Many States, one festival

Makar Sankranti is synonymous with a host of traditional delicacies prepared in every household to celebrate the auspicious festival

Many States, one festival

The festival of Sankranti has arrived with all its colours and vibrancy. From cleaning up homes to preparing delicacies, festivities have begun in all its glory. Like every festival, Makar Sankranti too has a host of traditional delicacies prepared in every household to celebrate the auspicious festival. Each community has a unique style of celebrating Sankranti.

In Andhra, the festival is spread over three days — Bhogi, Sankranti and Kanumu. But preparations in Telugu households have begun days ahead of the festival. For 55-year-old Lakshmi Mudunuru, a resident of Visakhapatnam, Sankranti is not just a festival but a way to go back to her roots. “The scale at which the festival is celebrated in the rural side of Andhra is an altogether different experience. In the cities, the festivities have become muted over the years. I try to recreate what we have seen in our childhood, though on a much smaller scale. We start the preparations for sweet dishes like Boorelu, Ariselu and other specialities like Pulihora a couple of days ahead.”

Tanuja Ramsai Raju, who moved to the city nearly a decade ago, says that she gets a childlike excitement to spot the well-decorated Gangireddus in the streets. She recalls a time when she would find these and the Haridasus — once believed to be a harbinger of fortune — everywhere during Sankranti and watch people exchange greetings after the bhogi mantalu. “Today, the celebrations have scaled down with urbanisation. But I ensure that some part of the traditions are followed and my son gets to know the significance of the festival,” she says.

Many States, one festival

A Maharashtrian treat

The Maharashtrian families in Visakhapatnam celebrate the festival in their own traditional way. For 70-year-old Vidya Saple, who shifted to the city from Sawantwadi (Maharashtra) over two years ago, the festival of Sankranti is all about food and family time. Reminiscing the celebrations in her hometown, she says that the festival begins a day prior to Sankranti when families celebrate bhogi. Bhogi is associated with a special dish called bhakri (a flat unleavened bread) made of Bajra, in which a generous amount of sesame seed is added. This is teamed with baigan bharta (smoky eggplant preparation). “Bajra and sesame seed are believed to keep the body warm and increase immunity. Since January is usually cold in Maharashtra, these are preferred over the commonly made jowar bhakri,” she says. Sesame seeds and jaggery play a significant role in the Sankranti celebrations at the Marathi households. Families go around the city and meet relatives and friends and exchange sweets. Tilgul, a sweet made from til (sesame seeds) and gul (jaggery) is synonymous to the festival and exchanged in every household. Gud Poli (commonly known as Bobatlu in Telugu) is another popular festive delicacy.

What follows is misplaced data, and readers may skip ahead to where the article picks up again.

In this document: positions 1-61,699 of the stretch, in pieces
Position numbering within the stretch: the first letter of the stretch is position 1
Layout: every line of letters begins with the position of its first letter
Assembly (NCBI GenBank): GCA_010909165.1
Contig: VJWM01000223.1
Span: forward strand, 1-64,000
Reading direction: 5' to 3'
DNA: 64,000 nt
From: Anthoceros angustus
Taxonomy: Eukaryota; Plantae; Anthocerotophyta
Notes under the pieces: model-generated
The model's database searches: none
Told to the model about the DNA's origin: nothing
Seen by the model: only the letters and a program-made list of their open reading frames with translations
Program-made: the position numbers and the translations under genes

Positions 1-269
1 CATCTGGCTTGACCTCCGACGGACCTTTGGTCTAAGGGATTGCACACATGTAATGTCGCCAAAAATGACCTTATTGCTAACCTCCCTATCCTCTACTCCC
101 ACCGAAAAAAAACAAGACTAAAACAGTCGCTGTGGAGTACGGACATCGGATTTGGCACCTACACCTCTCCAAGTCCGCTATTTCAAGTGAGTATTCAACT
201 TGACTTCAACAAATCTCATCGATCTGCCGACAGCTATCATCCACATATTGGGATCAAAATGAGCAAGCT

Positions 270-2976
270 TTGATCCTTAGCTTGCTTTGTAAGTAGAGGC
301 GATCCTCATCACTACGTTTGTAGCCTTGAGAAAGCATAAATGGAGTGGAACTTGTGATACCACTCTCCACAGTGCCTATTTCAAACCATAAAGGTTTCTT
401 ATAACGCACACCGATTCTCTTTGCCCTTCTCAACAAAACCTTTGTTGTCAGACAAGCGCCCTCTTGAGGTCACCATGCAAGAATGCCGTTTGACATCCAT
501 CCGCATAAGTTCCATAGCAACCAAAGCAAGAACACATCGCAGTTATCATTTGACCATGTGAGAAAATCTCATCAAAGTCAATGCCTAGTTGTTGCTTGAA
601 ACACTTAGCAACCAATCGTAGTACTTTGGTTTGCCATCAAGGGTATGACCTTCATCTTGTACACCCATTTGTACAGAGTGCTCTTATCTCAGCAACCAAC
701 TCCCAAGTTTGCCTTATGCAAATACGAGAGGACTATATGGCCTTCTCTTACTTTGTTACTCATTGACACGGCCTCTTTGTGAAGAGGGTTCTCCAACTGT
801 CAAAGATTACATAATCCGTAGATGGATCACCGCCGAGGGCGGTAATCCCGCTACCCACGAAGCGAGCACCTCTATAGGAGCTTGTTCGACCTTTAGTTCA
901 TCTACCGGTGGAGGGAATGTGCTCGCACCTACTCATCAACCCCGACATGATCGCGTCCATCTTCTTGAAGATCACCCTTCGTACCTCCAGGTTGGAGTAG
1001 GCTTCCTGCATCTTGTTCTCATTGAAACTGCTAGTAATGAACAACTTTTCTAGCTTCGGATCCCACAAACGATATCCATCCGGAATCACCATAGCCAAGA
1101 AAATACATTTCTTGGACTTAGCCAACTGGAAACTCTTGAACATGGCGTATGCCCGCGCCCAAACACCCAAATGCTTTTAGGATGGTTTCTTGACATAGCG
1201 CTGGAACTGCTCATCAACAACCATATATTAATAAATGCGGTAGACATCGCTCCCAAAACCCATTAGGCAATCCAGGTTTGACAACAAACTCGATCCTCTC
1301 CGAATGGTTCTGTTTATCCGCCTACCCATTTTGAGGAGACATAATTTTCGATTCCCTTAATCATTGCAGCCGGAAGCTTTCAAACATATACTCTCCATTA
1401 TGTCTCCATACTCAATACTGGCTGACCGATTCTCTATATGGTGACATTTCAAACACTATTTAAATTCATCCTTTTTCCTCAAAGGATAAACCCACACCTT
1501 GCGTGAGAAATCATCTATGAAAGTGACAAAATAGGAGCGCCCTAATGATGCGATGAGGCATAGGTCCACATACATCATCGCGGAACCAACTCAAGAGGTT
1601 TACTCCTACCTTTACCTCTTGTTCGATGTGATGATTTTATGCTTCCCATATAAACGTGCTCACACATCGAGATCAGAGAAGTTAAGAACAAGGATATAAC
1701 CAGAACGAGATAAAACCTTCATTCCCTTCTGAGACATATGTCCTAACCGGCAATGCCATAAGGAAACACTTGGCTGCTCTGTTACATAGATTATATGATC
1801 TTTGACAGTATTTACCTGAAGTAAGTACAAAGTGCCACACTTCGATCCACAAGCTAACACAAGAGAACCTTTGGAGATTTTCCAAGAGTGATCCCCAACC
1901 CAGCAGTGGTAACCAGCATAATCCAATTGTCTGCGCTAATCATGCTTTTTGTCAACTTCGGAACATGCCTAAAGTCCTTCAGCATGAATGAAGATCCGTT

“The most important part of the celebration is sugdi puja. Sudgi is a type of earthen pot that is made especially for the festival. These are not available in this part of the country,” she says.

Many States, one festival

Gujarati flavours

Sankranti or Uttarayan takes on a different flavour in Gujarat. The Gujaratis who have made Visakhapatnam their home try to recreate the festivities in their households by observing some traditions. Meghna Mehta, a Gujarati homemaker who has been living in the city for the three years says, “The traditional lunch during the festival is Undhiyu and Poori, which is prepared in every Gujarati household. This is an intrinsic part of the celebrations at our home.” Undhiyu is a mixed vegetable dish made with green beans, raw banana, eggplants, muthia (dumplings made with fenugreek leaves and spiced chickpea flour), potatoes, and sweet potatoes.

Many States, one festival

Spirit of Lohri

Sankranti, celebrated as Lohri in Punjab, Haryana and Himachal Pradesh, marks the end of sowing season and the onset of harvesting winter crops. People dress up in bright clothes and the city’s gurudwaras are decorated, while special langars are also prepared. The festival is celebrated by the Sikh communities by lighting a holy bonfire. However, Gurmeet Kolhi, who moved to the city over 34 years ago, says that there is more to the festival than just the bonfire. “People offer ceremonial prayers to the bonfire and throw puffed rice in it. The festival mostly brings people together who wish for each other’s well-being. Of course, food is a major highlight of the festival. Most of the sweets are made from til (sesame seed) and gud (jaggery) as they are typical winter food,” she says. Apart from that the festival is synonymous with sarso ka sag and makke ki roti, which is prepared in almost every household on the day of Lohri. Another highlight of the festival is the til revadis, bite-sized balls made from jaggery, sesame seeds, and nuts.

All about kites

  • Kite flying is one of the traditions of Sankranti. From the past six years, Agarwal Mahasabha has been conducting kite flying festival on the Beach Road. This year too, the organisation will be hosting the festival with much fervour.
  • Venue: Beach opposite Hotel Novotel
  • Date: January 15
  • Time: 10 am to 2 pm

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